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Should agents restrict repeat viewings to combat rising petrol prices?

Agents are preparing their businesses for the cost of living crunch, with considerations on fuel use, heating and window display lighting.

Much of the focus of the cost of living crisis has, of course, been on how struggling households are being hit by rising energy bills as well as record fuel costs.

Rising inflation and increased bills are also influencing how estate agents are running their own businesses.


Estate Agent Today is keen to hear how agents are adapting their businesses, particularly as high street branches don’t benefit from energy price caps to keep window displays lit and will be paying more to fill up a tank to drive to and from viewings due to high petrol prices.

We spoke to members of The Guild of Property Professionals about changes they were making to cope with rising costs.

Most will have already moved to low energy LED lighting for window displays, but there are other changes being considered to cut costs.

Philip Jackson, director of Birmingham-based Maguire Jackson, says: “The rising office costs have made us review the existing heating & the indulgences we have allowed several staff, with individual heaters being under some window side desks.

“Being city centre based, our contracts with the utility companies are being scrutinised like never before.

“The overall costs of estate agency are rising from staffing through to fuelling our fleet of cars. 

“This minute these costs aren’t being passed onto customers however I sense they will as the market is set for a period of rationalisation as many smaller high street agencies come out of the market with owner occupiers retiring or the returns not proving to be exciting enough to a younger audience.”

Fuel costs are also becoming a cause for concern, especially amid potential buyers asking for repeat viewings.

John Newhouse, managing director of Middlesbrough-based Roseberry Newhouse, says: “It would appear that the only thing not rising is estate agents fees.

“One of the bigger issues for both staff and business is the rising cost of fuel which appear not decrease with the same speed as they go up according to oil prices.

“We conduct accompanied viewings on the majority of properties and have more and more buyers wanting more revisits. 

“At some point this will need to be reviewed with regard to cost especially when agents act on a no sale no fee basis.”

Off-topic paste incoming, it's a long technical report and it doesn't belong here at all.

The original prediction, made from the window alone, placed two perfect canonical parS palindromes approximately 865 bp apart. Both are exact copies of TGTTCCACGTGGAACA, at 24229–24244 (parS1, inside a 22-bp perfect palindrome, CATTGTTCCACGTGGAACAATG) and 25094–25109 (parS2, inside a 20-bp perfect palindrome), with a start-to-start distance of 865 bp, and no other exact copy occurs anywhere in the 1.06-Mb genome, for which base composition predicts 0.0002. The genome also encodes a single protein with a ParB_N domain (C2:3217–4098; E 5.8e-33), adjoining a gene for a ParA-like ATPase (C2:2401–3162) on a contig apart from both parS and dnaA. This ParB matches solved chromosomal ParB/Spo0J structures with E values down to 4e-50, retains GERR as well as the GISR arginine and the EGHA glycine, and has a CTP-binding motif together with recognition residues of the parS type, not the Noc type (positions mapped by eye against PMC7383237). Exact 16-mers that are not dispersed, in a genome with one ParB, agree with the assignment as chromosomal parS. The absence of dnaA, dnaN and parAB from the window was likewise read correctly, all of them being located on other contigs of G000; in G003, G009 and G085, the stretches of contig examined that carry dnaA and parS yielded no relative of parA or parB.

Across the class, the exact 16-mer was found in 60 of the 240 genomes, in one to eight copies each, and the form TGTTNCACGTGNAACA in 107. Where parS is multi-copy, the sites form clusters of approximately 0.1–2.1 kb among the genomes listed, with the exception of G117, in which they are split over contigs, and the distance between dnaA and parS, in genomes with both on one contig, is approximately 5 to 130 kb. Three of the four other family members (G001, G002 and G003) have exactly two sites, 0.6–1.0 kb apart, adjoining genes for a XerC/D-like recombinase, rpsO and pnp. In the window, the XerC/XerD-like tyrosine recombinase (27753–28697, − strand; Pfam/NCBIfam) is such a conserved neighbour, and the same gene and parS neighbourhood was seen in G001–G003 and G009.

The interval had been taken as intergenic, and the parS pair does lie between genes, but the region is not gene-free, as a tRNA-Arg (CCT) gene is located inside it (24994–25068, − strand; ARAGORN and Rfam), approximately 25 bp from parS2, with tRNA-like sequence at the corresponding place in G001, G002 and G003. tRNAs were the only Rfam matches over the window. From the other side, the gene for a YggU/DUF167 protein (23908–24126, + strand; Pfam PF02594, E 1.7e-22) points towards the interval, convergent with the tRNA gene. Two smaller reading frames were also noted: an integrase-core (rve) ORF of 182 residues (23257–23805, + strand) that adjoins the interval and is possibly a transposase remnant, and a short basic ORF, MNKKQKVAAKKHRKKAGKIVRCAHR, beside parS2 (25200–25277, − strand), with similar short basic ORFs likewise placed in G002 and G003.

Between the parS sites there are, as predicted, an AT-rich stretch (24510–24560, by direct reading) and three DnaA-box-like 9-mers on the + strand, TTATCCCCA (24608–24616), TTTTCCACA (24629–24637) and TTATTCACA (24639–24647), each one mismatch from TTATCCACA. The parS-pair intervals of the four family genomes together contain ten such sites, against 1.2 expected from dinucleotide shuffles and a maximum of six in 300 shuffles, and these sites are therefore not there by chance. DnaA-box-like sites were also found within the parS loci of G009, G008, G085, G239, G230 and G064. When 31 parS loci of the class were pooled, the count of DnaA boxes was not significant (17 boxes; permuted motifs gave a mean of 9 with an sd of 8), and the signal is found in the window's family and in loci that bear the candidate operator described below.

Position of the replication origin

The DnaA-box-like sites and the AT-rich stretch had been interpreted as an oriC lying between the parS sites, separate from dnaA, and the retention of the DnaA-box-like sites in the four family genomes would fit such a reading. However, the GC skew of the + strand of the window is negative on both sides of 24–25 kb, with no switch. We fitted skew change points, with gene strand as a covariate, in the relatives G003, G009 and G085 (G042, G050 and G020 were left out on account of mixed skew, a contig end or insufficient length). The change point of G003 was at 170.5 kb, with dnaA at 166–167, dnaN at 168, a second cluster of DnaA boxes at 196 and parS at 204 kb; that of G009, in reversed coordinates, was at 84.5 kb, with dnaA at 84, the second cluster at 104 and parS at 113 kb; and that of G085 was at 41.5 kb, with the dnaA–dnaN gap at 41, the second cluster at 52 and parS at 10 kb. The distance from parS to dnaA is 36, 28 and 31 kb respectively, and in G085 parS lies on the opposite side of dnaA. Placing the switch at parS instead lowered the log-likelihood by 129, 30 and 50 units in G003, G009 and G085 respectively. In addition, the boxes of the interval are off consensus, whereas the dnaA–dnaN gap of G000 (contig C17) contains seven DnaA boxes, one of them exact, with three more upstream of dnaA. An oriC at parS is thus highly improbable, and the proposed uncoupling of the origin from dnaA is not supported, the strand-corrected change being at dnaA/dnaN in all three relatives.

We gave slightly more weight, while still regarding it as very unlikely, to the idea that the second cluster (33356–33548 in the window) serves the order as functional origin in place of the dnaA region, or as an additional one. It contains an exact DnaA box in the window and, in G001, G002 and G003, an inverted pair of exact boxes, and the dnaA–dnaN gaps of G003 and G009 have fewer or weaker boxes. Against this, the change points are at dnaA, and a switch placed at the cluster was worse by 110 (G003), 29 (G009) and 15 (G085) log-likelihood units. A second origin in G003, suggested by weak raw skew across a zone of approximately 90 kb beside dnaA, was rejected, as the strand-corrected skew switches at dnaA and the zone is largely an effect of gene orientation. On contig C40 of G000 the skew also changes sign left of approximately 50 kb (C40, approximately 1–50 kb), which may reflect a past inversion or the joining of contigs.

Mick Money of  Wymondham-based Money Properties says the rising bills has provided an opportunity to look at all costs.

He adds: “We are turning the heating off every evening and all our lights are timed to go off at 10pm.

“We are looking into more energy efficient ways to heat and light our office. We are also trialling working from home on a more regular basis.

How are your branches coping with the cost of living crisis? Are you cutting car journeys, restricitng the number of viewings or even considering raising fees?

Contact marc@angelsmedia.co.uk to share your story.

  • icon

    The first thing to do might be to actually qualify buyers properly before simply agreeing to do viewings at all.
    The tendency for buyers to treat viewings as if they’re trying on clothes in a department store is and extraordinary waste of agents money, fuel crisis or not.

  • Richard Rawlings

    Is a desk heater really an “indulgence”? If agencies can’t afford to look after their staff to a decent level of comfort then perhaps they need to take a deep look at their business, as there are obviously wider issues to be considered.

  • Michael Day

    When covid first hit, many agents moved to carrying out accompanied virtual viewings as a first stage. Most have gone back to ”old ways” I expect many to realise they should have persisted and revert - productivity is the key to profitability.

    Of course, quality qualification of enquiries is key.

  • Where Is The  Monii Money

    Or go EV...

  • icon

    You cant see the house because I am saving petrol LOL

  • icon

    Repeat viewings are a sign that a property is under serious consideration. It's the initial viewings that are much more miss than hit so perhaps those thinking like James above should just abandon the initial viewings altogether and simply get straight to the second and third viewings. Of course this may be logistically (and indeed temporally) challenging but hey, it'll save a couple of quids' worth of petrol each time.

  • icon

    “It would appear that the only thing not rising is estate agents fees"
    With properties gaining the largest growth in many years, as a % of the selling price, does that not mean more commission for agents?

    Richard Rawlings

    In theory yes Paul but any decline in volumes would more than offset this. Additionally we are by far the cheapest agents in the world - any other sales related role is usually recognised by at least 15% of the eventual sale price. Whilst this would be unrealistic in residential sales most British agents completely undervalue the contribution they make to not only securing the best price the market will pay for a property but also ensuring that the deal goes through. Other agents around the world do not have a hassles we do but charge up to 10% or even more!

  • Samantha Sullivan

    You don't need an office for sales anyway. I can see the need for lettings for the keys, tradesmen, signing contracts etc but certainly not needed for sale, there's the first saving.


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